For some reason I’m still excited every time I’m inside an airport and waiting for boarding, even though I’m fully aware that I’ll be spending the next 22 hours circumnavigating half the globe in a flying steel coffin. The prospect of staying up all night and watching at least half a dozen movies while being served with the occasional beverage by that hopefully cute flight attendant (this part doesn’t always work out unfortunately) and stuffing down fast food during layovers usually makes up for the inconvenience of being trapped next to that smelly person that always happens to sit in the next seat or the judgemental staring woman across the aisle.

The last few weeks passed by in a heartbeat. My entry into vietnamese territory wasn’t without a hassle as passports had to be stamped, luggage thoroughly examined, the rude bus driver silenced with a deadly glance and elbows were put to good use while a few thousand Vietnamese dong switched hands in the process of crossing the border. The rain, mist and freezing cold at 6am when all of this took place didn’t lighten the already grim mood either. The 30+ hour trip ended abruptly for me, as I was hushed out by the impatient gob spitting bus driver in what seemed like the middle of Highway 1, the country’s main (only?) north – south transport axis, where a lonely mototaxi was waiting who clearly expected me to jump on, slightly underestimating the combined size and weight of me and my considerable backpack. After we got back to our feet and all limbs and luggage were delicately arranged we drove off into one of the saddest cities I’ve ever seen -Vinh- where I was dropped off at the local train station after the guy tried to rip me off by asking 5 times the regular price. Visually taken aback by my apparent knowledge of the normal fare and verbal firmness to share this information with him we parted ways, both slightly moody but, in my case, also satisfied. During the next few days I visited Dong Hoi and the Phong Nha Ke Bang national park, home of the biggest cave in the world. I swam in an underground river surrounded by pitch black darkness and floated in the mud of the park’s Dark Cave, an incredible experience that involved crawling through claustrophobic tunnels where you easily sank waist deep in the plastic substance and where you could actually hover in lotus position like that Indian guru levitation illusion you’d always dreamt of pulling off in front of your friends.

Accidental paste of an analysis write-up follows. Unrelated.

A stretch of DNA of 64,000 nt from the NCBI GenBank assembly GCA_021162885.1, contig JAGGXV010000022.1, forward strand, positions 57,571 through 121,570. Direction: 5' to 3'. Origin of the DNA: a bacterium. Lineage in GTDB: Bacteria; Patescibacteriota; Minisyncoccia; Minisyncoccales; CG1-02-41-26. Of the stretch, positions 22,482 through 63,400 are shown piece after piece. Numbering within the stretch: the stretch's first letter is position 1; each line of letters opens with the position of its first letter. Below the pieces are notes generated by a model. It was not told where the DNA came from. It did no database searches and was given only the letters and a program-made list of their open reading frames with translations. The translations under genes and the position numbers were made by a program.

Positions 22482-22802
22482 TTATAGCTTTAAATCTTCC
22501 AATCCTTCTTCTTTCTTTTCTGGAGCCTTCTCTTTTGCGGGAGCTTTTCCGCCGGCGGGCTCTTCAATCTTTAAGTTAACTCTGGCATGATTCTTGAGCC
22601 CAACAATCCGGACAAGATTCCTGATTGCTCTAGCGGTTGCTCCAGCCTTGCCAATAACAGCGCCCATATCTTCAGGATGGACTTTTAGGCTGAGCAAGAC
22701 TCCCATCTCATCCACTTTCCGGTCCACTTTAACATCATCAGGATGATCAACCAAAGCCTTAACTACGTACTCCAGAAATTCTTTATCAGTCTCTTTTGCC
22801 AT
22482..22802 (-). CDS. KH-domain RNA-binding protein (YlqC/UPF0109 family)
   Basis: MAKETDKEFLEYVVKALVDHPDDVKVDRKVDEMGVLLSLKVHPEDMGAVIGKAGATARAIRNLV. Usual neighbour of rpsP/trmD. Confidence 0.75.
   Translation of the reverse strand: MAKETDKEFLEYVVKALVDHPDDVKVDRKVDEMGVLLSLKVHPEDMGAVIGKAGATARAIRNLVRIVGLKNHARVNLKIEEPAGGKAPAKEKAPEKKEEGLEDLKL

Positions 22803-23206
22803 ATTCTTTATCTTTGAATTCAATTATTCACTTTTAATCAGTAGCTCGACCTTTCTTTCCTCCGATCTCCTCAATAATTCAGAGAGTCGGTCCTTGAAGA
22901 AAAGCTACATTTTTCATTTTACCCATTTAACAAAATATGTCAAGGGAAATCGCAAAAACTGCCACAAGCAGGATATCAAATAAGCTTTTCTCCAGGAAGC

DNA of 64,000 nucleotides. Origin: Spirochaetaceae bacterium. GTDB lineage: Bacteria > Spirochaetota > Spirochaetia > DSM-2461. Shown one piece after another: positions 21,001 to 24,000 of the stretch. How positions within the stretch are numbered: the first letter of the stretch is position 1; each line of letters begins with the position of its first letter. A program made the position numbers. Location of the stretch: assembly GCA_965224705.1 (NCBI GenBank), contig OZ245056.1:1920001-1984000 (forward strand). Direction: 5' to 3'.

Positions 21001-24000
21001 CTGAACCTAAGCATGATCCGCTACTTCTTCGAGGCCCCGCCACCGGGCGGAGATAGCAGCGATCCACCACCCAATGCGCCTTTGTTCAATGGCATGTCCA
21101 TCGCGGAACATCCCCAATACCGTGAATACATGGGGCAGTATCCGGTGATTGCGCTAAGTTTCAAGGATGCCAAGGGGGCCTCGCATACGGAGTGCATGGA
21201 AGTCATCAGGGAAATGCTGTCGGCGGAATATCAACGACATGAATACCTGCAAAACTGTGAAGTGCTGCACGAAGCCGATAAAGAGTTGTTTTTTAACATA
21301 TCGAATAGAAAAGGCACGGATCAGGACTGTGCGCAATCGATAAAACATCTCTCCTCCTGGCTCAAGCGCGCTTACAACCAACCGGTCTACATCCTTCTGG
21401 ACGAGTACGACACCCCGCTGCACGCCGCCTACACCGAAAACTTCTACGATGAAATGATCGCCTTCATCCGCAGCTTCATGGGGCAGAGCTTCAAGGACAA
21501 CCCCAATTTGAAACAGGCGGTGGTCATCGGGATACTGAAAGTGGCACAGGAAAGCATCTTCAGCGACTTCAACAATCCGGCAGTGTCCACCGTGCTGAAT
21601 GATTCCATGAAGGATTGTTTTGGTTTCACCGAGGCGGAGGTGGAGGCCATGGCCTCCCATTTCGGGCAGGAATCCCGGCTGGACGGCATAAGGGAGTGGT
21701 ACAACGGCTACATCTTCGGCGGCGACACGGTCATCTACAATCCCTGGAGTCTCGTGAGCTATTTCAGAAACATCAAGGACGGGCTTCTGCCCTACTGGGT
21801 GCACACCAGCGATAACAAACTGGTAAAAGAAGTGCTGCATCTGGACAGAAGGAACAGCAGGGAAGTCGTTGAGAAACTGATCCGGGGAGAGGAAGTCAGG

After this a few quiet days were well spent on the beaches of Cat Ba island in the beautiful Ha Long Bay where I went kayaking with my dorm mate, an ex US soldier who retired after getting shot in Irak. The two of us at one point quite literally blew the competition out of the water as we overtook multiple motorized tourist boats in our two-person sea kayak.
After several nights of watching the sunset from our bay front balcony while drinking Saigon and Tiger beer and exchanging life stories I said goodbye to my partner-in-crime and covered the last stretch of my adventure to Hanoi where Christmas presents were collected and I met an actual Indian meditation guru at my hostel’s breakfast table, who promptly read in the palm of my hand that I will have a long, happy and prosperous life, with three relationships worth mentioning, one of which I should be in right now. He assured me I would have no problems finding a job once I start looking for one (something that comes really close now!) and he explained to me the easiest way to find God within my own heart (in essence: be true to yourself and you will automatically be true to others). It was just the previous day that I had finished Elizabeth Gilbert’s Eat. Pray. Love.

Coincidence? Karma.